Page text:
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Urban effects on regional climate: a case study in the Phoenix and Tucson ‘sun’ corridor

December 1, 2015

Land use and land cover change (LULCC) due to urban expansion alter the surface albedo, heat capacity, and thermal conductivity of the surface. Consequently, the energy balance in urban regions is different from that of natural surfaces. To evaluate the changes in regional climate that could arise due to projected urbanization in the Phoenix-Tucson corridor, Arizona, we applied the coupled WRF-NOAH-UCM (which includes a detailed urban radiation scheme) to this region. Land cover changes were represented using land cover data for 2005 and projections to 2050, and historical North American Regional Reanalysis (NARR) data were used to specify the lateral boundary conditions. Results suggest that temperature changes will be well defined, reflecting the urban heat island (UHI) effect within areas experiencing LULCC. Changes in precipitation are less robust, but seem to indicate reductions in precipitation over the mountainous regions northeast of Phoenix and decreased evening precipitation over the newly-urbanized area.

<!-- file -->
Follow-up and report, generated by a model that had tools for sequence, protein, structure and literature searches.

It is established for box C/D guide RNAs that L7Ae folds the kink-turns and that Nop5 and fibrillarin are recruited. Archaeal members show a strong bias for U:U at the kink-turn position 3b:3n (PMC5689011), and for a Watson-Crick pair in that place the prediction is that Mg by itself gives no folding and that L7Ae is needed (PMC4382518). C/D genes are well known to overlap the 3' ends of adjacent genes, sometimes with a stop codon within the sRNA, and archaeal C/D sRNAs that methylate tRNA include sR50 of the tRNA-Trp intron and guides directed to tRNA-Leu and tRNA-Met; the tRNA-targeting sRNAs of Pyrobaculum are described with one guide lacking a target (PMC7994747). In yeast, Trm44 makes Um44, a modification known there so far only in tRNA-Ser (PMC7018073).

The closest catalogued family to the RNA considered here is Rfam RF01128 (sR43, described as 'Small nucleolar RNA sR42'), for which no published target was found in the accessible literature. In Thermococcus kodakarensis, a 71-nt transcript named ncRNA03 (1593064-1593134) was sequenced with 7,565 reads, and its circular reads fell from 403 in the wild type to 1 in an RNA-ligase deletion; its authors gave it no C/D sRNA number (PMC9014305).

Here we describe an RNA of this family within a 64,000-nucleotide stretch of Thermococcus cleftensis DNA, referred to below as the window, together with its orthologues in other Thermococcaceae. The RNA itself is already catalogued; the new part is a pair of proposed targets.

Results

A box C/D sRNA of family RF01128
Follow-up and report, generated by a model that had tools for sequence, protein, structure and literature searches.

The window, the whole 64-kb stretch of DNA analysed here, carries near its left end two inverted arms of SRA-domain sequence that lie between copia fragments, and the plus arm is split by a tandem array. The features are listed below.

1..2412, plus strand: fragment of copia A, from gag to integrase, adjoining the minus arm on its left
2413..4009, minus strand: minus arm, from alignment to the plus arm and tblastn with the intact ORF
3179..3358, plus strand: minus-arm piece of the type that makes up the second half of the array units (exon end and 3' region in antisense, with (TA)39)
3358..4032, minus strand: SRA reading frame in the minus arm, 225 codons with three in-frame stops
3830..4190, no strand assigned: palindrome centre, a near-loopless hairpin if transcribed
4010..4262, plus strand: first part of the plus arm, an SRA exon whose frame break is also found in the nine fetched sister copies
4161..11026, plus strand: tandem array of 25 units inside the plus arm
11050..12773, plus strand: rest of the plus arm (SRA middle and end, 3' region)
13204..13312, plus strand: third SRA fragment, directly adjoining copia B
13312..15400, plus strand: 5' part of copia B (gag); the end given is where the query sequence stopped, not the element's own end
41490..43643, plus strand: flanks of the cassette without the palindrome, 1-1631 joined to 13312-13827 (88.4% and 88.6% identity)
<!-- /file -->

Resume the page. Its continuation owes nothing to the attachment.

Citation Information

Publication Year 2016
Title Urban effects on regional climate: a case study in the Phoenix and Tucson ‘sun’ corridor
DOI 10.1175/EI-D-15-0027.1
Authors Zhao Yang, Francina Dominguez, Hoshin Gupta, Xubin Zeng, Laura M. Norman
Publication Type Article
Publication Subtype Journal Article
Series Title Earth Interactions
Series Number
Index ID 70159867
Record Source USGS Publications Warehouse
USGS Organization Western Geographic Science Center

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